4. Pour about two tablespoon of Grapeseed oil in a grill pan set at medium heat.
  5. Once oil is heated, place breasts  in pan and cook on each side for about 2-3 minutes until medium brown in color.
  6. Remove from pan and place on a baking sheet.
  7. Cook remaining breasts and place in 400 degrees Fahrenheit oven for 10 minutes.
  8. Remove and let rest 10 minutes before slicing.

Wash and pat dry chicken breasts.

Place on cutting board and slice each breast in half.

Rub a little Grapeseed oil on both sides of sliced breast and then generally season with spice rub.

Add chicken breast to grill pan and cook about two minutes on each side.

Remove from pan, place on a baking sheet and place in 400 degrees Fahrenheit oven for 10minutes.

Let rest 10 minutes before slicing.

Let there be potato salad

Barbecue chicken and baked beans are lonely without potato salad.

Memorial Day.  4th of July. Labor Day.  Outdoor picnics.

For these occasions,  there will be potato salad on the table.

Potato salad is just not salad.

It’s a rite of summer passage, an American tradition, the obligatory side chick, and the expected accompaniment.

And to be honest, in some circles it’s just plain sacrilegious if it’s not on the summer picnic table.

Potato salad be free

When it comes to potatoes, there are many choices.

A lot of liberty can be taken in making potato salad.

I’ve had it hot, cold, made with bacon, bleu cheese, oven roasted potatoes, sweet potatoes,  dill pickles, olive oil vinaigrette, chunky, mashed and I can go on.

The bland tators – whether white, red, russet, sweet, gold, purple, sweet or Jersey – are the perfect blank canvas to express your potato proclivities.   And frankly, there really are “no rules” when making potato salad, no matter what your Nana or Uncle Bubba might say

My potato salad

What potato salad will be on my Labor Day table?

So glad you asked.

It’s absent of eggs and pickles, because they are not my fave, and it has my beloved fresh tarragon and a lovely, smoky light dressing.

So, without any addition fanfare or narrative, the recipe is below. Thanks to the folks at Goya Foods for providing some of the ingredients used in this recipe. Have a wonderful Labor Day!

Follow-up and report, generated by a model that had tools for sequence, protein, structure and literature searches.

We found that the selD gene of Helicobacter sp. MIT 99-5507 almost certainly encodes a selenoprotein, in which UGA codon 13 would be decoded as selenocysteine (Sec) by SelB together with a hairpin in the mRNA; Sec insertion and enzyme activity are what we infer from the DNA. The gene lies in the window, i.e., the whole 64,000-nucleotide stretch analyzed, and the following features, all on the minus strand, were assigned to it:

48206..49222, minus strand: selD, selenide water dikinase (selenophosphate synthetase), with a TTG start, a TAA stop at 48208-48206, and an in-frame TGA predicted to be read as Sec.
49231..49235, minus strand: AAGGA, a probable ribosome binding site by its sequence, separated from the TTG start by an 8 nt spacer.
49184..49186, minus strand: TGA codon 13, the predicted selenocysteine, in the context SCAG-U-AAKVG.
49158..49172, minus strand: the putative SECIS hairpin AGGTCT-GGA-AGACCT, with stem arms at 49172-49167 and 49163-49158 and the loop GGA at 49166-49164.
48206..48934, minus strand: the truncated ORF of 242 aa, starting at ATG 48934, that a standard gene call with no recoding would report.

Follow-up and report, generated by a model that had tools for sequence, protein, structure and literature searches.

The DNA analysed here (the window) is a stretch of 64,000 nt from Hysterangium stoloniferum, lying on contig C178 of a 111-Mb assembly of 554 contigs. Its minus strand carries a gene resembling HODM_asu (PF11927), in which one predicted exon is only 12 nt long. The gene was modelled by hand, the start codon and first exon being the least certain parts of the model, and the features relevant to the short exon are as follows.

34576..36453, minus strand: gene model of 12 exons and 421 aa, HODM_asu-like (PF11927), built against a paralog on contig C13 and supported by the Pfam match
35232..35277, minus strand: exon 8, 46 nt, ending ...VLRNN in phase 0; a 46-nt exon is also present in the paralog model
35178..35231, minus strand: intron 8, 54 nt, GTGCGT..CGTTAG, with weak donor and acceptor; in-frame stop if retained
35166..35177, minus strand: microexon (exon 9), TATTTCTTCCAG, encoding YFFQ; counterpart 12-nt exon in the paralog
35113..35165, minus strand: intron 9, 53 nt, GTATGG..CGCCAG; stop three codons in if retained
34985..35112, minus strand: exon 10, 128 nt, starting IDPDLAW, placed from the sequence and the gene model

Potato Salad CGC (Collard Greens and Style)

  • Servings: 4 to 6
  • Difficulty: intermediate
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No eggs or pickles here, but add them if you must!


Ingredients

2 pounds red potatoes, peeled and cut in 1/2-inch cubes
½ cup chopped green bell pepper
½ cup chopped red onion
2 tablespoon chopped Katamala olives
1 ½ cups garlic flavored mayonnaise (Best Foods or Hellmann’s)
1 heaping tablespoon mustard (Dijon, brown deli, spicy, Cajun or whatever you like)
3 tablespoon olive oil
½ teaspoon sesame seed oil
1 tablespoon fresh chopped tarragon
1 tablespoon fresh chopped dill
1/8 teaspoon celery seed
½ teaspoon salt
2 teaspoons Goya Adobo All Purpose Light Seasoning
1/8 teaspoon liquid smoke flavor

Directions

  1. Place the peeled and cut potatoes and 1 tablespoon of salt in a large pot of water. Boil the potatoes in for 15 minutes or until tender when pierced with a knife. Drain the potatoes thoroughly, and transfer them to a large mixing bowl. Set aside.
  2.  In a small bowl make the dressing by whisking together the garlic mayonnaise, mustard, olive oil, sesame seed oil, liquid smoke flavor, salt, celery seed and Goya Adobo All Purpose Light Seasoning.
  3.  Add the chopped bell pepper, red onion, chopped olives, tarragon and dill to potatoes in the mixing bowl. Add mayonnaise dressing and gently fold it in to combine. Add salt and pepper to taste. Refrigerate until ready to serve.

A close up to make you hungry.